Debentures are quite technical, but it's important to know the basics if you’re considering using a financial agreement that uses a fixed or a floating charge and the implications of both types of debentures.Get working capital
A debenture is a tool used to provide peace of mind for lenders when you take out a loan. It is effectively a secured loan agreement held by Companies House, wherein the conditions of the loan are detailed, for example how company assets will be used as security and the agreed interest rate. They allow lenders to secure repayments, even in the case of a default. There are two main types of debenture: fixed and floating charge, which we will cover in this article.
In the case of fixed charge debentures, the lender retains full control over the borrower's assets as security. If the company wants to sell this asset, they will have to get the lender’s permission or first pay off any outstanding debt. Hence, a fixed charge debenture ranks ahead of unsecured creditors in the case of insolvency. More often than not fixed-charge debentures are used by business owners for their short-term borrowing needs, where assets such as plant and machinery are put forward as collateral for the loan. Collateral is required, in this case, as there is no other security in place against the loan.
Let’s take an example of a property development company that wants to raise capital for a new building project. To access a fixed charge debenture, the developer will need to put forward a separate house or apartment for security. The lender, in this case, would prohibit the selling of this asset until the loan is repaid in full. Once the loan is repaid, the developer will take back full control of the asset. If the developer uses a limited company to trade and the company becomes insolvent due to cash flow issues, the lender can allow the developer to sell the asset to repay the loan, alternatively, they could take control of the asset themselves and sell it to cover monies owed.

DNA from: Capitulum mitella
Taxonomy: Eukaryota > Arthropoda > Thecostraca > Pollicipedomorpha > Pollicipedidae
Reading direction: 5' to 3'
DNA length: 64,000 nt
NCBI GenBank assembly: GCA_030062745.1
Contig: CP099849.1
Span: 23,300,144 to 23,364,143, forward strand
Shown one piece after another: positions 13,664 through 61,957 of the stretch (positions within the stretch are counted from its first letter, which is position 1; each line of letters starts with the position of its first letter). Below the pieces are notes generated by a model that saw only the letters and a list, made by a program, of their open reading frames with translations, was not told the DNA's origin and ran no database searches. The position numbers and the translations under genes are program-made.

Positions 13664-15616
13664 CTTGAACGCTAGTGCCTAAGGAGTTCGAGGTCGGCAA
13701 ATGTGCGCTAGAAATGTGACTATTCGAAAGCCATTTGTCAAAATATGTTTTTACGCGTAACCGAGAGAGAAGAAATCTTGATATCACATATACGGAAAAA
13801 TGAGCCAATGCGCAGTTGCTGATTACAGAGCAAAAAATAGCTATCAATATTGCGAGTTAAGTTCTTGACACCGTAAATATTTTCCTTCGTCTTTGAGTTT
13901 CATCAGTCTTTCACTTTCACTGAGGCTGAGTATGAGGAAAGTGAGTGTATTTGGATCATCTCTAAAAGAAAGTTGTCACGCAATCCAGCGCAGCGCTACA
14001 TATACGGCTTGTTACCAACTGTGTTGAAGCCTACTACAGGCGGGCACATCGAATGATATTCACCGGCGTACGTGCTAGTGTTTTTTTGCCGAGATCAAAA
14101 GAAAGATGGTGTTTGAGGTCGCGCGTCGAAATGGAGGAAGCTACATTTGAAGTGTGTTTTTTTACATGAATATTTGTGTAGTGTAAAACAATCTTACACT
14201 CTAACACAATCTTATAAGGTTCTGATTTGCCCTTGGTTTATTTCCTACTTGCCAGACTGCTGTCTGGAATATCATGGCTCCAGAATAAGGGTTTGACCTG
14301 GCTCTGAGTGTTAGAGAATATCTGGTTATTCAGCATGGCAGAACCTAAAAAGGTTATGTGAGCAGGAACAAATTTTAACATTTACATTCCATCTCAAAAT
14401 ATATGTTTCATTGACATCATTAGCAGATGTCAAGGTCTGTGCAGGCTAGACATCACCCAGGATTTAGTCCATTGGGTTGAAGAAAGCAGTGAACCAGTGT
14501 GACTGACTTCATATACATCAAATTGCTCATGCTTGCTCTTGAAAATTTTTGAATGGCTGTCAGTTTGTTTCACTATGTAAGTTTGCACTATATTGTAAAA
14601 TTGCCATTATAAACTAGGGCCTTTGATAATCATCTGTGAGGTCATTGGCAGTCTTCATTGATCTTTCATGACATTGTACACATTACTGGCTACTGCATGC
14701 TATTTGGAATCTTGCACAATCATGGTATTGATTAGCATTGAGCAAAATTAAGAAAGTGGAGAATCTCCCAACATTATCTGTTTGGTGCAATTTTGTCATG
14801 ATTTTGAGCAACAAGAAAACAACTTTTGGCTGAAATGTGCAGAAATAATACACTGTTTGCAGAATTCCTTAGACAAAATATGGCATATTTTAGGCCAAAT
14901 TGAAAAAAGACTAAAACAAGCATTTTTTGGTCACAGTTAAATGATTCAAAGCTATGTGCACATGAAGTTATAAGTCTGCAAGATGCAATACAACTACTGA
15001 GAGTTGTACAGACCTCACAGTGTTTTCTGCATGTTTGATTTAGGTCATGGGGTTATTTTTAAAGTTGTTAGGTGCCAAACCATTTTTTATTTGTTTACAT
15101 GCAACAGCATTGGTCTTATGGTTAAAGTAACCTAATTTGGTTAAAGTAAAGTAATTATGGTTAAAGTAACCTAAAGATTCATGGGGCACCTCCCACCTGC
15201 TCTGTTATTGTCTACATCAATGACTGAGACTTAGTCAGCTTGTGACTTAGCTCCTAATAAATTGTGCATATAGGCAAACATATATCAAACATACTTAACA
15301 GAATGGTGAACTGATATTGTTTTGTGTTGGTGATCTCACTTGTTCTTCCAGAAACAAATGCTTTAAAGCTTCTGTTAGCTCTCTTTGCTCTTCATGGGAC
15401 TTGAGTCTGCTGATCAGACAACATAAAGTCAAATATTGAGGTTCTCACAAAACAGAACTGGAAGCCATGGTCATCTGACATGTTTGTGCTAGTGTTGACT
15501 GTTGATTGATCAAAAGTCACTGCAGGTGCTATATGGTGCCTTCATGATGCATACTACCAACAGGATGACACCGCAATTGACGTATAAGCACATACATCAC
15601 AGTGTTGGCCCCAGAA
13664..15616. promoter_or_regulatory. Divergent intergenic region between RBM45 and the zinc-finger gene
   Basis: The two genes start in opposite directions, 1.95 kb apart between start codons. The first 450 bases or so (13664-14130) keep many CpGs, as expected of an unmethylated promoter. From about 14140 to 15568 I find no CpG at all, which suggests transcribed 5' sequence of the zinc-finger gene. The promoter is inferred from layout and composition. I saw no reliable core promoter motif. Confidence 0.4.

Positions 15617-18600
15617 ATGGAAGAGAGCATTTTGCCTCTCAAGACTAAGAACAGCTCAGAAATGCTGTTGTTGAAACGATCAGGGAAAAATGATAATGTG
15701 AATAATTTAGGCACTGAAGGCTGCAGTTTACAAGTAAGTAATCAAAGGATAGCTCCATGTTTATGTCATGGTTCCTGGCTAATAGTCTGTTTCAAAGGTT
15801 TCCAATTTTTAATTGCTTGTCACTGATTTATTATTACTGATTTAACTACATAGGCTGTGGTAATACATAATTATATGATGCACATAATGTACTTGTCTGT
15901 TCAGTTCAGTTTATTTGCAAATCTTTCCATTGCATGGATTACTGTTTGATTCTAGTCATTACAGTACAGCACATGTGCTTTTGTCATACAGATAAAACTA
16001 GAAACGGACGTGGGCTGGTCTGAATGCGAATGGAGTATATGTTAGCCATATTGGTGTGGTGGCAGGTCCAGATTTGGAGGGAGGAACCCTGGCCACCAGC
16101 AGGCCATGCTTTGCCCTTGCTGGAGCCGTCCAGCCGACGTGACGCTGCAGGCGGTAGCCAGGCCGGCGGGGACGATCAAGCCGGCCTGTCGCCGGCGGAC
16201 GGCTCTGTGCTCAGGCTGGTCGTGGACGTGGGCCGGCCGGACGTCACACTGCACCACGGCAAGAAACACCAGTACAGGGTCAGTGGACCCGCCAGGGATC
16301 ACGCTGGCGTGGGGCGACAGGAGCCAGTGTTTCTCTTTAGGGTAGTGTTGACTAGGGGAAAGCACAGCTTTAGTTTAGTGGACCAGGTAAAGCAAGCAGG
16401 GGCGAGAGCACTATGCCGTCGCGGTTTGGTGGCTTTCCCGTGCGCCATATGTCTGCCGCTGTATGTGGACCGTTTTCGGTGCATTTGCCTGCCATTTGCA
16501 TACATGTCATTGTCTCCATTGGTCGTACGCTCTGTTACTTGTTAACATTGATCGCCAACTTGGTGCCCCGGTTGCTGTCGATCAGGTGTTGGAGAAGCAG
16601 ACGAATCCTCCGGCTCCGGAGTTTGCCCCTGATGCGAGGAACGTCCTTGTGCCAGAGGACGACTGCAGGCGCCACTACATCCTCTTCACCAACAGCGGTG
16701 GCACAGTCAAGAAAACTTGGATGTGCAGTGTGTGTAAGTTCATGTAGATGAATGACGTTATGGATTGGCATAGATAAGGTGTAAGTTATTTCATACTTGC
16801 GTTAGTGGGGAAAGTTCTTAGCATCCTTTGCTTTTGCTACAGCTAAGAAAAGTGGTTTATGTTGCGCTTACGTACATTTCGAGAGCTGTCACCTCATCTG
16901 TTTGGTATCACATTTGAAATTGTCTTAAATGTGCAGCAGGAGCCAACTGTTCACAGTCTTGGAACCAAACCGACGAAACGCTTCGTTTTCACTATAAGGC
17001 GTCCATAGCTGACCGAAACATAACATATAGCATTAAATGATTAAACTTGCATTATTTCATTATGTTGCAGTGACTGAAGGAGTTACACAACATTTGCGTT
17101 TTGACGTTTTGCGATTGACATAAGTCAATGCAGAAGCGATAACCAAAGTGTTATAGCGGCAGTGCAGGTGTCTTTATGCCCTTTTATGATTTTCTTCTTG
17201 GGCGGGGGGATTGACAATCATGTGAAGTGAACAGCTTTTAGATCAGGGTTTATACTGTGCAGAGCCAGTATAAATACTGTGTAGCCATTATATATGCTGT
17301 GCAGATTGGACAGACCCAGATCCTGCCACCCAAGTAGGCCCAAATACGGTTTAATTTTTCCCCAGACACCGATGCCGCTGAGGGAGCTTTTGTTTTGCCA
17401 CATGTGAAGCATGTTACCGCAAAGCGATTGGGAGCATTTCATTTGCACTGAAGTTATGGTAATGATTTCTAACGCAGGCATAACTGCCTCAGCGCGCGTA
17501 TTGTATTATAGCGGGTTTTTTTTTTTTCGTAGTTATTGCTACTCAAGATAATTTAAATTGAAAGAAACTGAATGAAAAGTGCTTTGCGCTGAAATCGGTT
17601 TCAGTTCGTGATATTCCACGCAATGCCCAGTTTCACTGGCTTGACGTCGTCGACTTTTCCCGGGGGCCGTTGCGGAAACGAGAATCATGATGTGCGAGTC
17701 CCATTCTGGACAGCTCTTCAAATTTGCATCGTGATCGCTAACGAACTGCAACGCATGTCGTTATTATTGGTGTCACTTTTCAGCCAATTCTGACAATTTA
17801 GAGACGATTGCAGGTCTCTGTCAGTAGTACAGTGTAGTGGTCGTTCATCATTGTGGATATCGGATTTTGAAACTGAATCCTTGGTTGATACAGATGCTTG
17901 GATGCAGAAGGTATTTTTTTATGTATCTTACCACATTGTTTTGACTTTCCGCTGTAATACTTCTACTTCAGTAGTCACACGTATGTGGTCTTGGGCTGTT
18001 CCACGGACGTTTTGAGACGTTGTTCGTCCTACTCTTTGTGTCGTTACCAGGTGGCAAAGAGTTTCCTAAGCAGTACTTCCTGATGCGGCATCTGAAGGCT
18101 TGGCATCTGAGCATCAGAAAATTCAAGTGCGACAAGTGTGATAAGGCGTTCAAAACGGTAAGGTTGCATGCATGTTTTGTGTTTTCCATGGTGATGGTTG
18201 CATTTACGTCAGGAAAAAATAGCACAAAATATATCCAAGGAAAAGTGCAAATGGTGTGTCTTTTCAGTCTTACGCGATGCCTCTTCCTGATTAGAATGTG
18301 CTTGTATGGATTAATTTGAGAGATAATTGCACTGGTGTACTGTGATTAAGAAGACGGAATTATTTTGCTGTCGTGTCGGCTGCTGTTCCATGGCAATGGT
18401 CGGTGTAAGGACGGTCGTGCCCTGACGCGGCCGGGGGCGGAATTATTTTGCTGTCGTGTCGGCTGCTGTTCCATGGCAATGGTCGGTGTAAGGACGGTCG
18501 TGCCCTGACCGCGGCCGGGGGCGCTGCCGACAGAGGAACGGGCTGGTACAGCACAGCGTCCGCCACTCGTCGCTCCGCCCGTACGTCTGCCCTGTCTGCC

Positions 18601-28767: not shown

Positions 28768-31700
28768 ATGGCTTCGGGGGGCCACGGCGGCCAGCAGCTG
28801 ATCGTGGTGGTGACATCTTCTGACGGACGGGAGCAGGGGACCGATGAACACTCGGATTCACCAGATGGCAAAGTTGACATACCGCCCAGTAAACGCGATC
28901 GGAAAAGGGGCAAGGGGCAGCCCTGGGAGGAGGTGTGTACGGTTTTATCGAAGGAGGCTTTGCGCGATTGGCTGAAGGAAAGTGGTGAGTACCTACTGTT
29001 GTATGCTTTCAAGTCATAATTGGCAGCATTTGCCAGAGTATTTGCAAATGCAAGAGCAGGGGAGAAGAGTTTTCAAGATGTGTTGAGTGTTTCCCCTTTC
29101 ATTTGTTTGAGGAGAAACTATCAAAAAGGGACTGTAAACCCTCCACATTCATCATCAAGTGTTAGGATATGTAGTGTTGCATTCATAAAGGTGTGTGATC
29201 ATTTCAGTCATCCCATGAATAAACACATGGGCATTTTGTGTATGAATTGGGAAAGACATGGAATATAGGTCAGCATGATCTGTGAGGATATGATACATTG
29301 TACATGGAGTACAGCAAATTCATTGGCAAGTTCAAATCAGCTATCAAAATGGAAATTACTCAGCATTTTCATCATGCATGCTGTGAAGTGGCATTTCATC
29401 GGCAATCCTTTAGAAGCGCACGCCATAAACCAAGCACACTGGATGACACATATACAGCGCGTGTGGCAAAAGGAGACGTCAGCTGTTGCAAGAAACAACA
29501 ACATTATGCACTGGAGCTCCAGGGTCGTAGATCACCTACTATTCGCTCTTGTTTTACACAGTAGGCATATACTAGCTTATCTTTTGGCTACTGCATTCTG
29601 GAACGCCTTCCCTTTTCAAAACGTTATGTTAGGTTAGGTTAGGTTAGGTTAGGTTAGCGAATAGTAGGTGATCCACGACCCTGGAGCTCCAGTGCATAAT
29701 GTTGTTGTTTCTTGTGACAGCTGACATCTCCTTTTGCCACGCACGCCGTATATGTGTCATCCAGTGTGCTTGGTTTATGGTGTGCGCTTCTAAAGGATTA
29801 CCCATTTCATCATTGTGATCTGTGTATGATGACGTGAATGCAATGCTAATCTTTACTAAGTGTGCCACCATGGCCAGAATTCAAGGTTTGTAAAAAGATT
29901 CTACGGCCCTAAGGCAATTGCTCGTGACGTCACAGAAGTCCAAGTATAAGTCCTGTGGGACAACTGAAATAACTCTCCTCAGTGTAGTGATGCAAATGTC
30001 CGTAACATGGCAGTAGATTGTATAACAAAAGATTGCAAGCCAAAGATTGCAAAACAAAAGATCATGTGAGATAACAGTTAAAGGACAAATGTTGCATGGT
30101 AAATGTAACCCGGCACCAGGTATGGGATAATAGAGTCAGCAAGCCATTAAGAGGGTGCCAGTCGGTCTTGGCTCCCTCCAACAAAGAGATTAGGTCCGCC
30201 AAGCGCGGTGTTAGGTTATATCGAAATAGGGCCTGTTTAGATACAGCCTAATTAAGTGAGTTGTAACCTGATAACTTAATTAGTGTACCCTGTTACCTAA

In contrast, a floating charge debenture is linked to all assets (current or future). This type of debenture gives the borrower the opportunity to continue trading with the assets in question, or to sell them. Floating charge debentures are favoured by businesses with little or no capital, allowing them to secure funds and also trade without any restrictions. Floating charges are often used for intellectual property and shares.
The charge will only apply if the agreement that sits with the registrar of companies is breached, usually when a payment has been missed or the company has been passed over to an insolvency practitioner. Once the agreement has been broken, the floating charge crystalises and becomes a fixed charge on the assets. Henceforth, the borrower can no longer trade with these assets in the normal course of business, and cannot sell without prior permission from the lender.
Business owners looking for a capital injection to cover cash flow gaps, fund an expansion, or to purchase new assets will need to compare a range of business loans to see what suits them best. To limit their exposure to risk, lenders will only offer small loans with high interest rates if unsecured — the level of the loan on offer can be worked out by using a business loan calculator. Hence, this is where a debenture comes into play as a tool that lenders can use to lower their risk exposure by using the borrower’s assets as security. In this case, better loan terms can be offered.
Business owners can apply directly to a high street bank or lender, who will advise and recommend a range of products with set debentures. That said, more and more borrowers are now using lending platforms to quickly scan the market and get a direct quote from hundreds of separate lenders for the best possible deals. Once you have inputted your unique requirements you can set up a loan backed by a debenture that will get you the maximum amount of funding available to your business. This process can get a bit complicated.
If you intend on securing funding via a debenture, it is definitely worth speaking to a financial professional who can steer you in the right direction. It is not an area of funding that is easily understood, however, once you begin to understand the basics i.e whether you need a fixed or floating debenture you can then compare the market using a lending platform or via a financial advisor.